Ava 19-026

Ava 19-026Ava 19-026

Profile

Ava came into RAGOM's care when her owner could no longer adequately care for all of his dogs. Ava is a petite, healthy girl who gave birth to 10 puppies in March 2019. Due to her limited socialization, Ava's forever home should have children who are age 13 or older, as well as a confident resident dog for Ava to learn from and comfort her when she is stressed. A physical fence is required to keep her safe.

At a Glance #19-026

Mixed Breed 2 years old
Female 45 lbs

Available as of June 26, 2019
Fostered in St. Paul, MN

Status: Adopt Me
Adoption fee: $400

Children ages 13+
Another dog REQUIRED
Not tested with cats
Physical fence required (no invisible fence)
Medium energy
Children ages 13+
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Another dog REQUIRED
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Not tested with cats
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Physical fence required (no invisible fence)
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Medium energy
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Profile

Ava came into RAGOM's care when her owner could no longer adequately care for all of his dogs. Ava is a petite, healthy girl who gave birth to 10 puppies in March 2019. Due to her limited socialization, Ava's forever home should have children who are age 13 or older, as well as a confident resident dog for Ava to learn from and comfort her when she is stressed. A physical fence is required to keep her safe.

Updates

Friday, September 6, 2019

Hello RAGOM land. Ava is confirmed to attend Goldzilla this Sunday. She will be walking in the Foster Showcase Parade. We also have plans for a mini-reunion with her original foster mom and her puppies.

We hope to see you there!

Wednesday, August 28, 2019

Ava has had quite a summer! After recovering from ehrlichiosis, she went in for her spay and developed complications. In a rare twist, she developed a uterine stump infection from MRSP, which is a canine version of MRSA. This is a staph infection that is resistant to most antibiotics.

After multiple rounds of extremely strong antibiotics and surgery to remove the infected mass, Ava is on her way to being a healthy girl. 

Ava is getting bouncier and happier as the days pass. A neighbor heard her story and gave her a stuffed lamb doll. In spite of the e-collar, she does her best to try to play with the stuffy. Ava gets startled by voices and man-made sounds outdoors—so a fence is still required in her new home.

Inside the house, she shows very few anxieties when home with her people. House guests are finally less stressful for her as well! Visitors to the home are no longer terrifying, and she will even approach people and sniff their legs.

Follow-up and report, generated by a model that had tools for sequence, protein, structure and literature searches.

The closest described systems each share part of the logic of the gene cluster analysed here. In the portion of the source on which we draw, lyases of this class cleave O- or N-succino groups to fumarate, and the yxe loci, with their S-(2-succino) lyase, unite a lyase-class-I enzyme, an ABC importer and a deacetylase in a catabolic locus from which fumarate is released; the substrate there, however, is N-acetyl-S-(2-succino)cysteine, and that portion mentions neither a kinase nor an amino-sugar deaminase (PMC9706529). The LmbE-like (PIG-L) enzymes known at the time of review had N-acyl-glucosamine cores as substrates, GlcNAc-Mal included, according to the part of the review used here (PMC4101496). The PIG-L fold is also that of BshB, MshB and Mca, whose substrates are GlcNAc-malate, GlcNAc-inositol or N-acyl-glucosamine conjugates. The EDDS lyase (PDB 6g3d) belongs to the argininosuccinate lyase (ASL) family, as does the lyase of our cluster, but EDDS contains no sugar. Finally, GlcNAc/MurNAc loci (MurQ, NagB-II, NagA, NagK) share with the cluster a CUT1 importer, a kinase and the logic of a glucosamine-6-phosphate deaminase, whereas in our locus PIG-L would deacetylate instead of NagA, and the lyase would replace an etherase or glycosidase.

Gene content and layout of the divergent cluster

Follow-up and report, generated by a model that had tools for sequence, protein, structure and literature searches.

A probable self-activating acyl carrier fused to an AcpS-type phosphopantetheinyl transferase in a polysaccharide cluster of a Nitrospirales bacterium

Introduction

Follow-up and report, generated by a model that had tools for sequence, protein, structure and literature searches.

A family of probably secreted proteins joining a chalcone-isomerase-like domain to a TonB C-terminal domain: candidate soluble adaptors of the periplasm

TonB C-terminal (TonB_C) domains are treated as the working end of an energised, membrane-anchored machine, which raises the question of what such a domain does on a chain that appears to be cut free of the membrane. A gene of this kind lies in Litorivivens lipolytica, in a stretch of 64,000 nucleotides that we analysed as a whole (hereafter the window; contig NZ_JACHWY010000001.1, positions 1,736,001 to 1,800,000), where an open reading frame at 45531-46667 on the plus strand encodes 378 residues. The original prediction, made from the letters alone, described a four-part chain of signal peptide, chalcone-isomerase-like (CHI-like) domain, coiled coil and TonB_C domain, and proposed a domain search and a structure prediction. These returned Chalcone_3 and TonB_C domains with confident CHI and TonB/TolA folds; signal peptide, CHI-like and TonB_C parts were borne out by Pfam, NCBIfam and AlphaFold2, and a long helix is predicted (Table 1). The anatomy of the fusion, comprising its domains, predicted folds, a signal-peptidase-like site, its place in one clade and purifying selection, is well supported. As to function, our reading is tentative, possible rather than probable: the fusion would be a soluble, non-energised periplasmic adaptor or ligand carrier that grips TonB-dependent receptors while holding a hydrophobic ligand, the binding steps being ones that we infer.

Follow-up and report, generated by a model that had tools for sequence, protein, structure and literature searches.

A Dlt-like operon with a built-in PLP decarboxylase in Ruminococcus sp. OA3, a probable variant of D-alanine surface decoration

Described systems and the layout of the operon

Ava has developed a very special style of cuddling we call "power snuggling" where she will use her entire body to snuggle. Ava is tentatively scheduled to attend Goldzilla in a few days. We hope to see you there.

Smiling in bed
Smiling in bed
Power snuggling
Power snuggling

Wednesday, June 26, 2019

Hello! New foster mom here to update you on Ava’s progress. Ava is in a new foster home to help facilitate her weaning and the dispersal of her pups. The first two weeks in a new foster home were very stressful for little Ava.

Ava is very frightened by new environments, people, and situations. She is easily startled and needs a confident dog in her new home to help her overcome her fears and insecurities.

Ava would love to have a home where her people are around most of the time. She crates well with people around her. We are working on building her confidence so she can safely be left alone in a crate.

Due to her history, she may resource guard her humans, food, and water from other dogs. Ava has an easier time bonding to women, so foster dad had to work a little extra hard to gain her trust.

Nitty gritty

  • Weighs 45 pounds and is near her ideal weight.
  • Fence is required as she is a high flight risk.
  • Spayed! She has two more days in the cone of shame for her incision to completely heal.
  • Recovered from ehrlichiosis, a tick borne disease that is endemic in the south.
  • No storm anxiety.
  • Baby gates are meaningless! She will easily jump over a waist-high gate without batting an eyelash.
  • Allowed foster mom to give her a full pedicure—clipped her nails and trimmed the fur on her paws
  • Not a party dog—taking her to a bar, park, or pet store would be an exercise in terror.

Fun stuff

  • Adores eating ice cubes and thinks chewing on a water buffalo horn is a lot of fun.
  • Takes her medication if it’s covered in a little Neufchatel or cream cheese.
  • Learning how to run, play with toys, and get the zoomies.
  • Will wake up and rub her head on your lap in the most adorable way.
  • Would love to fall asleep curled up on your lap.

Ava had multiple challenges integrating into her new foster home. She arrived in the rain and was immediately stressed. She was separated from her ten pups, still had milk in her breasts, and was very nervous getting out of the car.

Her first few days, she sat in the back of her crate, carefully observing everything around her with big brown eyes. Foster mom got a little worried that Ava wasn’t blinking enough. It was as if her big eyes were saying “I am very frightened, I want to trust you, and I can’t do that just yet.”

To complicate matters, one of our resident dogs was too forward and unable to understand Ava’s need for space. So we had to enforce a boundary space for Ava with baby gates, pocket doors, and creative crate placement.

After two days of eating and drinking in the middle of the night, Ava finally began to eat in front of people and other dogs. Apparently, homemade chicken broth and bits of chicken breast were the ticket. She began to prance in the morning and wag her tail happily.